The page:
1) Using the same philosophy as above, place B 4m away from A, C is 6m away from A. A represents the sun, B the earth, C a superior planet (like Mars).

2) Earth and Mars should try to walk in step, but Mars takes shorter steps.

3) Holding both strings overhead, Earth describes the motion of Mars. Watch to see if the speed of Mars appears to reverse in direction.

4) Make sure students understand how retrograde behavior can be explained using two different models.

5) Further investigation: Set up for an inferior planet such as Mercury. Earth's orbit is 10m radius, Mercury's is 4m radius. Mercury takes two steps for every one by Earth.


The Church and the Theory
           2 periods


PROCEDURE: (consult attached material)

1) Using the overhead projector, hand out of diagrams, or drawings on chalkboard, a presentation and explanation of the two diagrams should be made. 

2) Using brainstorming, the students will list the differences between them. 

Ptolemaic Cosmos

Based on a general framework of Aristotelian physics which had dominated medieval thought, the concept of the Ptolemaic Universe was a mathematical non-observational approach. It was based on the following basic premises of ancient astronomy:

1) A geostatic and geocentric cosmos. The earth did not move and was the center of the universe as the sun and all planets revolved around it.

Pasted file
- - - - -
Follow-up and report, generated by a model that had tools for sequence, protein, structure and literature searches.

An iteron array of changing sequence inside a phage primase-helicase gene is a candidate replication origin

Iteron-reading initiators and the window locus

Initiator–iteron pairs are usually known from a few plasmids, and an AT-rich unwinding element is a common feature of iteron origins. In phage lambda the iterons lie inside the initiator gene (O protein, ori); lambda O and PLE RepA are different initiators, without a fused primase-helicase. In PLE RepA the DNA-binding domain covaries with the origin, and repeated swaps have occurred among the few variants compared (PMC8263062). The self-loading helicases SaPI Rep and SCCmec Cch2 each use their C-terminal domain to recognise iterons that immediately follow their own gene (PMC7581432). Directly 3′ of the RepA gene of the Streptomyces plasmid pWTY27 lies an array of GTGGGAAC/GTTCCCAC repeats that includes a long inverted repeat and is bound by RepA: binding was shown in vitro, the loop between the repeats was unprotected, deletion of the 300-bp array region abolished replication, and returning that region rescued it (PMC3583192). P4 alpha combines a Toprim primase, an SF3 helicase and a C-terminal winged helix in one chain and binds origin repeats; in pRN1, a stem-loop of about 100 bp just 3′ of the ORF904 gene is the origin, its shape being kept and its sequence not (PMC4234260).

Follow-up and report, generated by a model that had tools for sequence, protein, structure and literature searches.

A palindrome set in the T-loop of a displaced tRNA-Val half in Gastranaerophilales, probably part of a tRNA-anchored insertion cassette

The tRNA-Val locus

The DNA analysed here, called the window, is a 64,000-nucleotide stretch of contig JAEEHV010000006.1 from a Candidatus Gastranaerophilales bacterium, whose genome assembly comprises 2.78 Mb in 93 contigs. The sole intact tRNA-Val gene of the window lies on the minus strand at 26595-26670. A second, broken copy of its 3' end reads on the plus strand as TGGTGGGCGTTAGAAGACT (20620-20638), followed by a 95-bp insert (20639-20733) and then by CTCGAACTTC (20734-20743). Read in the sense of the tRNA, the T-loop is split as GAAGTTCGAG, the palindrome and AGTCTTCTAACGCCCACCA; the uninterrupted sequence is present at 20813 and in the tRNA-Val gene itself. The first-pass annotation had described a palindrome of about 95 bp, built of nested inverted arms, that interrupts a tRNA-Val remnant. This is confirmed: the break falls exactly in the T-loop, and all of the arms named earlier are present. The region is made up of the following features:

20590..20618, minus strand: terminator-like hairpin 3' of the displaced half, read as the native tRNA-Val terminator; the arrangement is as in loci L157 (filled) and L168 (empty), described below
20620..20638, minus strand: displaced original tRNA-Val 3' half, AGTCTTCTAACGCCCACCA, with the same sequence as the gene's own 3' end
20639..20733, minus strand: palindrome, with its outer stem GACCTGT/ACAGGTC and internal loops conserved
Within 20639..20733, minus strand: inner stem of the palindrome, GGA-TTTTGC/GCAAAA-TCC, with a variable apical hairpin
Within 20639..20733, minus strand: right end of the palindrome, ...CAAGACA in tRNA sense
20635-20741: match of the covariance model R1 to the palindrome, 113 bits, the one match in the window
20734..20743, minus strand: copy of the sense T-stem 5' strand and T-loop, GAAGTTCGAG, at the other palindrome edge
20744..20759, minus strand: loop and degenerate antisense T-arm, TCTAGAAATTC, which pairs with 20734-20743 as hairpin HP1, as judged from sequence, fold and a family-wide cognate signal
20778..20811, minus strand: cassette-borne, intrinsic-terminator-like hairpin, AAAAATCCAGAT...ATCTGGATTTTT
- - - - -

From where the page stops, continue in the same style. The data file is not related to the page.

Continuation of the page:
2) Celestial bodies possess uniform, circular motion around a central point.

3) Celestial bodies are composed of a fifth element, the quintessence.

4) The cosmos is finite.

Copernican Cosmos

Nicholas Copernicus (1473-1543) was a mathematical, not an observational, astronomer who sought to purify ancient astronomy, not to overthrow Ptolemy. By allowing the earth to move, many of the difficulties of traditional astronomy would be overcome. The Copernican system was based on the introduction of three celestial motions:

a) Diurnal (daily) rotation of the earth on its axis

b) The earth, and the planets revolve around the sun (heliocentric) 

c) A conical axial motion of earth to explain the fixed orientation of earth in space

Problems of the Copernican System

The main disadvantage of the Copernican system was its violation of Aristotelian physics--the physical problems involved with the a moving earth (why a rock thrown upward was not left behind by a moving earch) called for a new, as yet nonexistent, physics. 

Diurnal rotation of the earth on its axis as well as the geliocentrism of the universe were to meet considerable resistance from people who had been taught to believe that the earth was stationary and at the center of the universe. People using "common sense" could deny that the earth moved as there was no sense of motion. 

Protestant View of the Copernican System

The first religious leaders to denounce Copernicus for contradicting the Bible were Luther and Calvin, but they did not officially condemn him.

Martin Luther said, in his work, Tischreden:

There was mention of a certain new astrologer who wanted to prove that the earth moves and not the sky, the sun and the moon. This would be as if somebody were riding on a cart or in a ship and imagined that he was standing still while the earth and the trees were moving. So it goes now. Whoever wants to be clever must agree with nothing that others esteem. He must do something of his own. This is what that fellow does who wishes to turn the whole of astronomy upside down. Even in these things that are thrown into disorder I believe the Holy Scriptures, for Joshua commanded the sun to stand still and not the earth. (Crowe 174)